Occupational health needs clear communication

There is much discussion and disgruntlement within the profession about occupational health nurses (OHNs) being sidelined in the recent health, work and wellbeing co-ordinator posts (although I know that certainly one occupational health nurse was interviewed for a position).

There is worry and anxiety about new health, work and wellbeing courses being developed to train others to ‘do our job’, and yet I know the course providers have welcomed the expertise that OHNs can bring in shaping the courses.

There are opportunities for us, but they are not easy to obtain. We have to ask ourselves: why?

Poor branding

I believe it relates to our identity and – to put it in a commercial sense – our brand. A name or brand is able to convey a message to others to help distinguish between competitors and to tell the target audience what it is the provider can do. It assists the customer to become engaged and purchase a product. It is important.

Mixed messages

Our current message is unclear: what we do, who for, what we are contributing towards. We all have a different answer to these questions.

At the recent Association of Occupational Health Nurse Practitioners’ annual general meeting, OHN Val Thurtle gave an excellent presentation about how the change to specialist community public health nurse status in the Nursing and Midwifery Council registration is affecting the identities of school health nurses, health visitors and OHNs.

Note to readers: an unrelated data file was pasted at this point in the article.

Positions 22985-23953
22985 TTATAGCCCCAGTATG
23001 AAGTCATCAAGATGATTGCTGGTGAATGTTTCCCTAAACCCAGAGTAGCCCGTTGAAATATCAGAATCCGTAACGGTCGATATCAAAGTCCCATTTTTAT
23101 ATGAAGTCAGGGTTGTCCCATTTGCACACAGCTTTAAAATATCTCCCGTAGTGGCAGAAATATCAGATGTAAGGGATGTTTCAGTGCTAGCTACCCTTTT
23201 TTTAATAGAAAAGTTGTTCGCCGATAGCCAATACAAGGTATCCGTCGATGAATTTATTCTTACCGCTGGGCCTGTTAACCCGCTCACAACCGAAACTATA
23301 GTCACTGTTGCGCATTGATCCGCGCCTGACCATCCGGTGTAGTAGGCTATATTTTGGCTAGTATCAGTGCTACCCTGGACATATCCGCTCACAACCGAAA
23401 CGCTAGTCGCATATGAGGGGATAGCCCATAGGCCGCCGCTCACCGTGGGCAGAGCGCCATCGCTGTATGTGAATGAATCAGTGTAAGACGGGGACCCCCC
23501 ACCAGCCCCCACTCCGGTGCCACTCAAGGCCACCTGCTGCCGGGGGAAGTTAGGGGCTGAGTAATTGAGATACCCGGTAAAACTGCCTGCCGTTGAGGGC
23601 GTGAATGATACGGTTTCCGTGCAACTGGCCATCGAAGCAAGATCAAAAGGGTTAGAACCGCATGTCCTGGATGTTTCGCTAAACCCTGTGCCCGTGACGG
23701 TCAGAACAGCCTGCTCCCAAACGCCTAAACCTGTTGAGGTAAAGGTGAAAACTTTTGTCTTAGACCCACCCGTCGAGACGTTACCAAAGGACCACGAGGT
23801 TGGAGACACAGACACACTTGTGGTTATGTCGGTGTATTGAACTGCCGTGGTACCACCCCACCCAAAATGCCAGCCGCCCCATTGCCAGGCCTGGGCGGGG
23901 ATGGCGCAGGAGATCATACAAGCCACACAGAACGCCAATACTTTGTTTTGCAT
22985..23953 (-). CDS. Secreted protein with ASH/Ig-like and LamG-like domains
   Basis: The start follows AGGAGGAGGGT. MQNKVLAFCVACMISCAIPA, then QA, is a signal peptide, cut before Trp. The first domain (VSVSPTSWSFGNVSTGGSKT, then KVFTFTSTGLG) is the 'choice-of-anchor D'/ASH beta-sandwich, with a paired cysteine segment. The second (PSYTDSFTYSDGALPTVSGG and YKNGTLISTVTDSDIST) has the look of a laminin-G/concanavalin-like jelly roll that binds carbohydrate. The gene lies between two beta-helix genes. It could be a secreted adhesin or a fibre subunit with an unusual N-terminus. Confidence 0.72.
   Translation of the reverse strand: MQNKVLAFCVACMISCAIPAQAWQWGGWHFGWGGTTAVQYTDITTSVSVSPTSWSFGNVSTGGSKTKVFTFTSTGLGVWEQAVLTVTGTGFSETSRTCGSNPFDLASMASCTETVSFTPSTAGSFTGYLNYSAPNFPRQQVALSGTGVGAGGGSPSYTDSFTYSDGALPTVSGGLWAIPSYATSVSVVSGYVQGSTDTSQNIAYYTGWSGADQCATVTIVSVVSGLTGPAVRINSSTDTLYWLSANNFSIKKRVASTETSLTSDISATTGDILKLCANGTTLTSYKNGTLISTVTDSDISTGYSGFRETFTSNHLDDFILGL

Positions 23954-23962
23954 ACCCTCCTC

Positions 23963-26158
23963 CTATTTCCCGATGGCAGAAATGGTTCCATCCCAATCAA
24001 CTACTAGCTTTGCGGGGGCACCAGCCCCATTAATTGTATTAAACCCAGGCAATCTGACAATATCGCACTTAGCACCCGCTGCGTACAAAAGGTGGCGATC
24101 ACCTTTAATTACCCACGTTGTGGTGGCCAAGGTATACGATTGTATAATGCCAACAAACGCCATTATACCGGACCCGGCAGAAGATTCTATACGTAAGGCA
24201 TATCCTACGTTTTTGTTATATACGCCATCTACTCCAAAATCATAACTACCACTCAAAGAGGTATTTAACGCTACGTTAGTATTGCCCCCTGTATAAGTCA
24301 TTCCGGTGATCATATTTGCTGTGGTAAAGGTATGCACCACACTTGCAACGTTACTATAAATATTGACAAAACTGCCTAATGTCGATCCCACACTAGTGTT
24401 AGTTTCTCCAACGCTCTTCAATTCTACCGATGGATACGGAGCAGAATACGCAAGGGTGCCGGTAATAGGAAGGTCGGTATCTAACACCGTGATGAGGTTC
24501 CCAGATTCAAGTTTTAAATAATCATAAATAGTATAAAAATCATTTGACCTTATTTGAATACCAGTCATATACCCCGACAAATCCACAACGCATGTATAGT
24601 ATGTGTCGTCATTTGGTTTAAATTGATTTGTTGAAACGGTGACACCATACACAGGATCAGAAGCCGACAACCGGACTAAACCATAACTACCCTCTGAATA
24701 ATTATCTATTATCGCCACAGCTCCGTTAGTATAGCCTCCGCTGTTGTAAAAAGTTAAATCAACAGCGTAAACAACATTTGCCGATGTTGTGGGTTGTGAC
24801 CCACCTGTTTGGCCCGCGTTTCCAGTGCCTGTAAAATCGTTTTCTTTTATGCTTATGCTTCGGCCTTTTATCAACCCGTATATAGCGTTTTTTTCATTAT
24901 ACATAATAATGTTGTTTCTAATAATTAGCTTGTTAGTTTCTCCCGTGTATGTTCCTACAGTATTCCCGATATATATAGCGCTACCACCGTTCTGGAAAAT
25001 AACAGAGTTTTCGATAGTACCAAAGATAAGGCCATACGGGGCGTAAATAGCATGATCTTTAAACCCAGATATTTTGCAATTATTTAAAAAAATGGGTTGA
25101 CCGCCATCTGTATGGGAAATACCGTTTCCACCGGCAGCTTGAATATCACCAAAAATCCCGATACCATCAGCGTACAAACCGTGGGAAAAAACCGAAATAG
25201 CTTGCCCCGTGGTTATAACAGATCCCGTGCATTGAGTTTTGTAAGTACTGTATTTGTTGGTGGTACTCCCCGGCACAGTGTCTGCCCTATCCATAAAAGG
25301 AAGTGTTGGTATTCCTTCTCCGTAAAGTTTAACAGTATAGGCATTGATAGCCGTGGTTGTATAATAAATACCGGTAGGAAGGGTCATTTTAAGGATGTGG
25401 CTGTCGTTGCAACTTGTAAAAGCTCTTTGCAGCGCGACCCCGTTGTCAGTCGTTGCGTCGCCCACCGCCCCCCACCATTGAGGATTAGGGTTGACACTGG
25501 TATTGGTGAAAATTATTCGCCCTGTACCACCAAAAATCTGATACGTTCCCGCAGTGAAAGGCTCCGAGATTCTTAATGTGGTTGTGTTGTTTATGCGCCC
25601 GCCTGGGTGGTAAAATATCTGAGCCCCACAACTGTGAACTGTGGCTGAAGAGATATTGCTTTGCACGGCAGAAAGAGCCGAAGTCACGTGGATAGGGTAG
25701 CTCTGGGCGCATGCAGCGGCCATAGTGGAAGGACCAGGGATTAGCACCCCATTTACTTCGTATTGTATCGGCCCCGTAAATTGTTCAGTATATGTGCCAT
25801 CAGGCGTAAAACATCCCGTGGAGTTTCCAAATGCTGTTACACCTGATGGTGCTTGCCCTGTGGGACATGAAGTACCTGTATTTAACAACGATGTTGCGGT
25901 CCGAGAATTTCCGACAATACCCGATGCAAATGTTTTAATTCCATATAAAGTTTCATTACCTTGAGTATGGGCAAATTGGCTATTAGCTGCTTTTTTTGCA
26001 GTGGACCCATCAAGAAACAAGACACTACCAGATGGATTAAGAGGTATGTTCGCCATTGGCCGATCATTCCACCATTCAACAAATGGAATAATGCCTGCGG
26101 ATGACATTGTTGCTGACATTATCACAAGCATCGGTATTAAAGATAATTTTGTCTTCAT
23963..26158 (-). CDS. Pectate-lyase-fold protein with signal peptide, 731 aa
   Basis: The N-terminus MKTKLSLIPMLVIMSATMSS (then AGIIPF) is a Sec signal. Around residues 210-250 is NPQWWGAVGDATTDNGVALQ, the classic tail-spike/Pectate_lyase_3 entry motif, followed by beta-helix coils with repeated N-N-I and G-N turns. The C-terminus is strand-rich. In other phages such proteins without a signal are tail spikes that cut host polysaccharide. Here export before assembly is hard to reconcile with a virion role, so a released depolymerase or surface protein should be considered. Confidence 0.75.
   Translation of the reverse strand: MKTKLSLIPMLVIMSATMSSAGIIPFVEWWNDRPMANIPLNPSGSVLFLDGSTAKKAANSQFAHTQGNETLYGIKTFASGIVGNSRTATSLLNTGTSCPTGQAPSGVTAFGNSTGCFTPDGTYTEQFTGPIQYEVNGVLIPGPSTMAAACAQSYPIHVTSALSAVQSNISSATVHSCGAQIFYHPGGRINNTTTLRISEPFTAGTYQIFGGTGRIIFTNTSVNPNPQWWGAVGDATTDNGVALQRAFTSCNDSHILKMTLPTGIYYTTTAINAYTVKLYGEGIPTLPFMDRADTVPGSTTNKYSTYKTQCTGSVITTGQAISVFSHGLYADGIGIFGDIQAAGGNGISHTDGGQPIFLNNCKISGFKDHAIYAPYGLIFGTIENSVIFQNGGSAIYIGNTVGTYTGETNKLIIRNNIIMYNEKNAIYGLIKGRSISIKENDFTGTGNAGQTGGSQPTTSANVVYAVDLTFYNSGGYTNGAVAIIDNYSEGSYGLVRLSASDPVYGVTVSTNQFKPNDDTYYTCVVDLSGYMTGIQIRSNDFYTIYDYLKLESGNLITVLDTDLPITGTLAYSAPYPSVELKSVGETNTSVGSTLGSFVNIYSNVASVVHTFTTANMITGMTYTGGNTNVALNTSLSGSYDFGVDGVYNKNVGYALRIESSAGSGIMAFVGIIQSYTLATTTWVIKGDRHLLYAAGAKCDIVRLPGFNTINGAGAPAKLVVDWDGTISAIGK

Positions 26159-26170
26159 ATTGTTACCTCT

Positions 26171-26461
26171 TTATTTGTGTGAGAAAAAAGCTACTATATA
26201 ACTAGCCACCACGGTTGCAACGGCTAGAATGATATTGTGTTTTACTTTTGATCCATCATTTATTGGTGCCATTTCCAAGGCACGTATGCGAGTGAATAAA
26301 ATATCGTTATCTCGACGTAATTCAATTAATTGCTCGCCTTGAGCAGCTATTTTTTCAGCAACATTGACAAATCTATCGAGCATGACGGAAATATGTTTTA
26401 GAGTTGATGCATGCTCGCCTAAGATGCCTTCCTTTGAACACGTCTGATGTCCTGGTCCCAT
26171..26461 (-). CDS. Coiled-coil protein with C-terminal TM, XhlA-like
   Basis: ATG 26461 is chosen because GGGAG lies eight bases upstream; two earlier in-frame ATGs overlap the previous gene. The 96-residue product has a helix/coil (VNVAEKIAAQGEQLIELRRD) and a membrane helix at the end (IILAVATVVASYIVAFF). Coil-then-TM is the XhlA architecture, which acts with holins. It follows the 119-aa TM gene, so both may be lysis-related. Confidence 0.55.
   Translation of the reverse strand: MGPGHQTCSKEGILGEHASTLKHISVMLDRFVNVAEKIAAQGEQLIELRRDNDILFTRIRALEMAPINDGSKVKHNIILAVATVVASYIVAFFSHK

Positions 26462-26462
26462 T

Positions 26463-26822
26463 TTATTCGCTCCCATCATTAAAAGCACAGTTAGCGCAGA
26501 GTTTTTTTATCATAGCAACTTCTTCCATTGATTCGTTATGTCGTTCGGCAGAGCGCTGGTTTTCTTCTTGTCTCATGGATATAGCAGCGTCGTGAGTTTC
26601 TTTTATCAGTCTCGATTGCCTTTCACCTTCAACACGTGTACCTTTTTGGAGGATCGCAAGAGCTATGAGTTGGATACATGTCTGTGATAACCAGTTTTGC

Her small study suggests that OHNs have identities which are linked to the requirements and requests of those for whom we work. This means our identity is not distinct, and the messages we send out are muddled and perplexing.

For instance, are we focused on public health because we serve a community and undertake surveillance, or are we serving the needs of the employing commercial organisation which makes us business focussed?

This results in difficulty for people to understand us and leaves us vulnerable to being sidelined. It is a problem for our profession, but we cannot ignore it. It is having an effect on the opportunities available to us. We should and can do something about this.


We need to develop one clear, over-arching message that describes what we do and what we can do for others, like a strapline. It needs to shout about our unique selling point. We then need to learn about other people’s agendas and understand how we can contribute to them. We should then explain this to others and sell ourselves.

This cannot be done alone. It will require us to be positive, to fight and come together as a powerful force. Are you up for it? If your answer is yes, I would be interested to hear your comments via e-mail.

By Anna Harrington (pictured left), a self-employed occupational health and wellbeing adviser. E-mail your comments to [email protected]rises.co.uk



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